Noticing, Caring, and Understanding

To begin, I would like to start this essay by emphasizing the significance of the epigraph, “my job is to notice…and to notice that you can notice”, that we related back to throughout the course of this semester. I believe that this statement has been of importance to not just the work, readings, and writings for this class, but even more so for our classroom community. Nevertheless, turning back to the epigraph always made me stop to think and realize what the goals of this course were, what they were trying to teach me and what I have learned throughout it.

With the unpredictability of this semester, I think this course epigraph was just as important for the students’ life both in and out of the classroom, as it was for the understanding of the content presented to us within the class. To start, from my perspective, there were a lot of unexpected ups and downs throughout the semester. I believe that the attendance to this class was very important, as most of our work was done in class, and I tried my hardest to make as many as possible. However, with the many factors like injuries, sicknesses, and team events, it prevented me from having the opportunity to fully be involved within the course. 

Moreover, with the insight of the course epigraph, and focus on care in the structure of the class, it provided me with the best experience I could have had considering my circumstances. I believe several people shared similar experiences, and also appreciated the amount of care, and the ability to notice these struggles throughout the year. The fact that Professor McCoy was able to notice and care for her students how she did, and how the students were also able to notice her care and make up for it in multiple ways, was something that really astonished me throughout the semester. Never have I had a professor or teacher care and take the time to notice and much as Professor McCoy, and relating back to the course epigraph, I think the students were really able to realize and notice her efforts to accommodate us. In the end, I feel like although initially some decisions may have felt like they impacted the quality of our time in class negatively, I think that taking the effort to step back and notice the situations of some students ended up being of beneficence to our classroom community as a whole. Many of these decisions, I believe, actually made us students work much more effectively and intuitively, compared to if we were rushed or forced to complete assignments through difficult times, or periods of illness.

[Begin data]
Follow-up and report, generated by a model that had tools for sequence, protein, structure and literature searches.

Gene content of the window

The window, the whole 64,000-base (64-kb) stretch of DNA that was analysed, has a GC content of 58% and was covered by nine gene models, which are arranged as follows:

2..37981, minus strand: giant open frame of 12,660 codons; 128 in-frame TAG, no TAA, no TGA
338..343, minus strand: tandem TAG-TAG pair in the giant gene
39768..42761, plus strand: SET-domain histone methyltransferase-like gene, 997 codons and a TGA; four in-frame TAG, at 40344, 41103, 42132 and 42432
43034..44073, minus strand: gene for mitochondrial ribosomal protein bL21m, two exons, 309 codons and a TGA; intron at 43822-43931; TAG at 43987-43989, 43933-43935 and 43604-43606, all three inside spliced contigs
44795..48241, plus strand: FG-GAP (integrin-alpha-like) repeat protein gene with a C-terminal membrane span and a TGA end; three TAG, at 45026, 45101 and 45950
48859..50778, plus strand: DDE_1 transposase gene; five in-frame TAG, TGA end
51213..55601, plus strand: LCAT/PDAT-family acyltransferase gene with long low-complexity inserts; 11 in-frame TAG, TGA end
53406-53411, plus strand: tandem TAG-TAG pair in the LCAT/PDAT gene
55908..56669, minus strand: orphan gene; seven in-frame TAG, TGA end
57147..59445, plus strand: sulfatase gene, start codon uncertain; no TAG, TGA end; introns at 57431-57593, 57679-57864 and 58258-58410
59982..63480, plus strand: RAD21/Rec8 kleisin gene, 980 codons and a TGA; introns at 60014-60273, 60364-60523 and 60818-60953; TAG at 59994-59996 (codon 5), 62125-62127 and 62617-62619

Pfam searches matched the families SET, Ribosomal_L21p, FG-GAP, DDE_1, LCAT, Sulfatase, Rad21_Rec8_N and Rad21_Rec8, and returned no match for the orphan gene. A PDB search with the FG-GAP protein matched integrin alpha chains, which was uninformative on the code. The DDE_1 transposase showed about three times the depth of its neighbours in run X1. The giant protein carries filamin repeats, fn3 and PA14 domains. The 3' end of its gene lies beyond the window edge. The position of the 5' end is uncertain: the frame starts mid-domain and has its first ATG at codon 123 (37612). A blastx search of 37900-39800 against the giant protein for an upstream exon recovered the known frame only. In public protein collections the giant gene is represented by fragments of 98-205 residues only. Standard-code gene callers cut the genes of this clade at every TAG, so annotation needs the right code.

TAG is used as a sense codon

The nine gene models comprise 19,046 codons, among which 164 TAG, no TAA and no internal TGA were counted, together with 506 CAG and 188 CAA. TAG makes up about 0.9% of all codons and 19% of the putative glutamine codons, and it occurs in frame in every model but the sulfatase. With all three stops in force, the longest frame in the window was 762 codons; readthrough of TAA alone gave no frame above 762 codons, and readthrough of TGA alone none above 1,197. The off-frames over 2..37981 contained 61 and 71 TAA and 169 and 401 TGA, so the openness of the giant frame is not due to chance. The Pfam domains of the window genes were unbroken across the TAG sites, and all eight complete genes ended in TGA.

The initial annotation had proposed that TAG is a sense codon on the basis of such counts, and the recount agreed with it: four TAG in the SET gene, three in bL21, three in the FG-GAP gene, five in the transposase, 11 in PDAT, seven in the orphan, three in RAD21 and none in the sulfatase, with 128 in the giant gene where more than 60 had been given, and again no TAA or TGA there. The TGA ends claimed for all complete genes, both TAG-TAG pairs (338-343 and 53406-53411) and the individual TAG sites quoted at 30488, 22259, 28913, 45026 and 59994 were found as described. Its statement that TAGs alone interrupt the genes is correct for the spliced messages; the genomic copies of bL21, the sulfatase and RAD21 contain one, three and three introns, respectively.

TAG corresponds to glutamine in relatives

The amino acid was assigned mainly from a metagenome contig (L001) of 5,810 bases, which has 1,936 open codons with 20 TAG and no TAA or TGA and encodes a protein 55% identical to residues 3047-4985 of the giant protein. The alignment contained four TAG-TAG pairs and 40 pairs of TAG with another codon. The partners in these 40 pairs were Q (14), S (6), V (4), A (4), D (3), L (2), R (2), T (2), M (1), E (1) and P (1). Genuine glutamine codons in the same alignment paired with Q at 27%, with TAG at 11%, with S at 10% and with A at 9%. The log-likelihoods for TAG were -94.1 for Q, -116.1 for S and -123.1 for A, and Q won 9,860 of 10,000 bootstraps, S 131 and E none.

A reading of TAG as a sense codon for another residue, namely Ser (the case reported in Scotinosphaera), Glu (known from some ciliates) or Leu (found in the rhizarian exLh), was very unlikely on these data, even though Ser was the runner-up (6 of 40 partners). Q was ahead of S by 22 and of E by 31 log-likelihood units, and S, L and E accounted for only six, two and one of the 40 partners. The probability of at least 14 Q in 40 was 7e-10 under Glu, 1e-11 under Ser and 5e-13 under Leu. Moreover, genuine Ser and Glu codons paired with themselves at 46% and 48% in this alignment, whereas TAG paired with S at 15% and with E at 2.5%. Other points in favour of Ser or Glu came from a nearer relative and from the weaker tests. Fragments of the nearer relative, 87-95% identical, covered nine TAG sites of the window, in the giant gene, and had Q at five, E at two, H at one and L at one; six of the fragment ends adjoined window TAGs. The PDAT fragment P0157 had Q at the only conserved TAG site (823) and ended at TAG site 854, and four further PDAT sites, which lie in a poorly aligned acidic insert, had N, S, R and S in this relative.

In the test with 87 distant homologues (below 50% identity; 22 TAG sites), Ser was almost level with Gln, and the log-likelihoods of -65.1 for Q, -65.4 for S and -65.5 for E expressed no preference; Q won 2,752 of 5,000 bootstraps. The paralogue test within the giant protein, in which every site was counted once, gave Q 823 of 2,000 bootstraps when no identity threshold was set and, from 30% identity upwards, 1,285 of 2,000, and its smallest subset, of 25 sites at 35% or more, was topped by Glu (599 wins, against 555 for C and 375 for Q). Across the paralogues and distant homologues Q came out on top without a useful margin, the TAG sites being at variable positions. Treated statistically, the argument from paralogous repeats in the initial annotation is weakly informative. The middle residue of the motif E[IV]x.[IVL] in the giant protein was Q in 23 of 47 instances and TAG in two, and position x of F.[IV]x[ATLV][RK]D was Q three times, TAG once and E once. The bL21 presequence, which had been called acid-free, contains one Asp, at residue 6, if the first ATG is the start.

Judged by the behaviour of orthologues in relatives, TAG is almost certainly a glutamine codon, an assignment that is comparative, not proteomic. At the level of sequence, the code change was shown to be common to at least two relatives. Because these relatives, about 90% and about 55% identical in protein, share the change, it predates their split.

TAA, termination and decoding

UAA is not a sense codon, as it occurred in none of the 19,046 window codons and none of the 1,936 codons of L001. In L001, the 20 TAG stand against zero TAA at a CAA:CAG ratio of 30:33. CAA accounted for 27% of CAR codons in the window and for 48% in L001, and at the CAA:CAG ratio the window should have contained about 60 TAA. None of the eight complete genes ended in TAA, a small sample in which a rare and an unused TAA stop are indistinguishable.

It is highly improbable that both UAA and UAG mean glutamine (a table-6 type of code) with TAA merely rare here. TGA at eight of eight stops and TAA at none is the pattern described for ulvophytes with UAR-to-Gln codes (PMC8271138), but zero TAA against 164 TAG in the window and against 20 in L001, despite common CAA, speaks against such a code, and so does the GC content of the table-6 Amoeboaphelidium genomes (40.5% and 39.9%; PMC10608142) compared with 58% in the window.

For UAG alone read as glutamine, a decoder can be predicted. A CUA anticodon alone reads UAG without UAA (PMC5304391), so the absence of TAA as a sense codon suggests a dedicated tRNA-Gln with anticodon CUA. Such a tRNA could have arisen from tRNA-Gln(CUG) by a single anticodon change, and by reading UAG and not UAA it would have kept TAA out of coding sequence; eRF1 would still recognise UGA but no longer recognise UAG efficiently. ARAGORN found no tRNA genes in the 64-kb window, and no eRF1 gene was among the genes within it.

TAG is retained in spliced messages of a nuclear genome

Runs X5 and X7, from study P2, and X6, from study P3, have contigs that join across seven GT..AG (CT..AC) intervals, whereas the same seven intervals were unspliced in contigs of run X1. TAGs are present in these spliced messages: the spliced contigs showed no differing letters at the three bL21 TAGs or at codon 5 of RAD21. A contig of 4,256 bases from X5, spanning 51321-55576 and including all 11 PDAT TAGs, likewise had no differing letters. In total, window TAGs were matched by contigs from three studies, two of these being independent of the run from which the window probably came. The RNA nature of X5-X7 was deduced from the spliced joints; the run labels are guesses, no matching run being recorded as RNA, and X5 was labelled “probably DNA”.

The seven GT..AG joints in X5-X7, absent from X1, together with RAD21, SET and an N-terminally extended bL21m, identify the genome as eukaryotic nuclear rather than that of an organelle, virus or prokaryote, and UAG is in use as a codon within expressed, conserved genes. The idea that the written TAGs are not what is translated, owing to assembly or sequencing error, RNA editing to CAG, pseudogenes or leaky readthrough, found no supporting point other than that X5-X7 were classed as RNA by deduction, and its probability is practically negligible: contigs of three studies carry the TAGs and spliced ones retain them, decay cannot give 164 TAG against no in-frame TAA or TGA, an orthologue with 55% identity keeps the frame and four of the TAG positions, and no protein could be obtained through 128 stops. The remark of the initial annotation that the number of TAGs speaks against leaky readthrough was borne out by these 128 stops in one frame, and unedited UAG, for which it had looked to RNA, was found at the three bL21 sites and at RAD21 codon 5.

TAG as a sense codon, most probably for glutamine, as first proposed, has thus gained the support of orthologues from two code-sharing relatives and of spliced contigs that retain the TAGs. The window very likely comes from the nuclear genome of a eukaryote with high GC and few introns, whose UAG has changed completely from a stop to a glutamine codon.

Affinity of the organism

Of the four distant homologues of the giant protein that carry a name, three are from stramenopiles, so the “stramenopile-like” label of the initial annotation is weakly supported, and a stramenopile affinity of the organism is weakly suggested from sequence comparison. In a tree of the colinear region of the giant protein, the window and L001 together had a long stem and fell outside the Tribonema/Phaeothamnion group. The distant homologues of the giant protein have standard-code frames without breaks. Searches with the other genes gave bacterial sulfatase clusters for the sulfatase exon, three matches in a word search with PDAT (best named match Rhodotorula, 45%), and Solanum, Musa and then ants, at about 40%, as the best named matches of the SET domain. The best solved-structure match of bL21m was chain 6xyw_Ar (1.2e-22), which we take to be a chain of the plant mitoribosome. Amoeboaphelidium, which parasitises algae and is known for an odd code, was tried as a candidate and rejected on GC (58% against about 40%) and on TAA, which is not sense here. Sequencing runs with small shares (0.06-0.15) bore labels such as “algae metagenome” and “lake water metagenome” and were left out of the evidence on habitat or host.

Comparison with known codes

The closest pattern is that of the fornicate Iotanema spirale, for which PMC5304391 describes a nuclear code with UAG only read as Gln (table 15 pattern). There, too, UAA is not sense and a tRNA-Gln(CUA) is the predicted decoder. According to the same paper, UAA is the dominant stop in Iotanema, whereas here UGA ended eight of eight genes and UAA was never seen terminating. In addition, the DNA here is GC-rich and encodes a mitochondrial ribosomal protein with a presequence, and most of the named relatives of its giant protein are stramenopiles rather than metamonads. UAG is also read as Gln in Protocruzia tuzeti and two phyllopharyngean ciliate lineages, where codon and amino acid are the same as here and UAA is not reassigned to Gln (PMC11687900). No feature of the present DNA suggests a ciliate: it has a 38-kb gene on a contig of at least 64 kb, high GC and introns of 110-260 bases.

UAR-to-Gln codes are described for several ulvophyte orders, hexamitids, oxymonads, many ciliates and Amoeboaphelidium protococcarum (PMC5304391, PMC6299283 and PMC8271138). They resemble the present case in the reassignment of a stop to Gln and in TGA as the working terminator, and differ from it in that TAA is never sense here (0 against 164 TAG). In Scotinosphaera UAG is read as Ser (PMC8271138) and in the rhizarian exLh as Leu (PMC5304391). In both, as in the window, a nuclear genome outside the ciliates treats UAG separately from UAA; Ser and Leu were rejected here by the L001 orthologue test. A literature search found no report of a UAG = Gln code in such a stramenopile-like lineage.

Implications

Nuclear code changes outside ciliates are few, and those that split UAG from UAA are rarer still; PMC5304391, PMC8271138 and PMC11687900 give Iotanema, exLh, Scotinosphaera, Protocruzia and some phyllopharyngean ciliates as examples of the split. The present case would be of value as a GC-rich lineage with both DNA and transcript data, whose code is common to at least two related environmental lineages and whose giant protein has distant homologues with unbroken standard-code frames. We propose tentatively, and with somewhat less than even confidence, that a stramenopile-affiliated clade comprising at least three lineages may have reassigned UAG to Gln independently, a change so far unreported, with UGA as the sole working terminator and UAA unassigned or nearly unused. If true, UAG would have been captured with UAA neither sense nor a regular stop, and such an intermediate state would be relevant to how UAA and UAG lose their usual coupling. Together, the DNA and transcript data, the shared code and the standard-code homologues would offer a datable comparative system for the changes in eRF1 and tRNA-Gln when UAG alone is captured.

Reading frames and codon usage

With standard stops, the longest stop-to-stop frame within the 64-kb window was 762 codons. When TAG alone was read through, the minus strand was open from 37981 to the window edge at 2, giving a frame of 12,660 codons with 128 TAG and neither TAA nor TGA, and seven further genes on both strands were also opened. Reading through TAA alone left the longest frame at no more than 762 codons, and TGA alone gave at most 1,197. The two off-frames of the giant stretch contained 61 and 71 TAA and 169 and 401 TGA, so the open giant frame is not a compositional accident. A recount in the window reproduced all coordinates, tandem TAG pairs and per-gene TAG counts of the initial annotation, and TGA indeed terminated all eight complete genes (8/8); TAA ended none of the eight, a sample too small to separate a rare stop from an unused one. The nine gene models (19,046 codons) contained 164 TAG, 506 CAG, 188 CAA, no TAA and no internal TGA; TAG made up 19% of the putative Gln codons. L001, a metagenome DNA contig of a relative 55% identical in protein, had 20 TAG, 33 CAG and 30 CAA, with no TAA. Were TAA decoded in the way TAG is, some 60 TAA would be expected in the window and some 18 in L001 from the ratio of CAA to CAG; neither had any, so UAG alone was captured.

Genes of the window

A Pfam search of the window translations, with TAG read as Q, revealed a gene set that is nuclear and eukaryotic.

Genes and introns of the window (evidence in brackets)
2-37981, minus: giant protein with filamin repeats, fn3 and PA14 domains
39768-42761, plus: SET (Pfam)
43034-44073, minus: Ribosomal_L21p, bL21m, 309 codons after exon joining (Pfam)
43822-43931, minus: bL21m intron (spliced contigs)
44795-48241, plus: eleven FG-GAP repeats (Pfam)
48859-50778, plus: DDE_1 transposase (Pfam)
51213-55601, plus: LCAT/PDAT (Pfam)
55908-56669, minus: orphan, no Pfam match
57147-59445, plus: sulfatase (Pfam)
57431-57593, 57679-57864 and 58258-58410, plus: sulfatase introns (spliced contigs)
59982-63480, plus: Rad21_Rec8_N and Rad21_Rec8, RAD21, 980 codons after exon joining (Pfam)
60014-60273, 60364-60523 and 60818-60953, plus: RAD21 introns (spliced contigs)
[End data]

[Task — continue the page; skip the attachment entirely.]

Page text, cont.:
To continue, going back to noticing the actual content of the course, one idea that has really stood out to me and really stuck with me was Heng’s definition of racism, “In the attempt to suggest how we might rethink the past, I should therefore begin with a modest, stripped-down working hypothesis: that “race” is one of the primary names we have – a name we retain for the strategic, epistemological, and political commitments it recognizes – attached to a repeating tendency, of the gravest import, to demarcate human beings through differences among humans that are selectively essentialized as absolute and fundamental, in order to distribute positions and powers differentially to human groups. Race-making thus operates as specific historical occasions in which strategic essentialisms are posited and assigned through a variety of practices and pressures, so as to construct a hierarchy of peoples for differential treatment. My understanding, thus, is that race is a structural relationship for the articulation and management of human differences, rather than a substantive ​content”. This definition brought light to me on the fact that race is a built in social construct, that basically just systematically separates individuals of different backgrounds. Throughout almost all of the readings I was able to notice how this definition was significant to my understanding of the racism present within them. I noticed I was able to relate back to it as I read, and it became one of my main focal points to connect back to within group discussions.  With that being said, I think our group collaborations enhanced our ability to really comprehend the content provided to us within our readings and elaborate on the true meaning of these stories. In all, I feel that this course, the epigraph, the content,  and the ability to notice and care throughout the semester greatly strengthened my overall understanding of others, along with several other students in the class.

Marissa Volk, McCoy- ENGL 101

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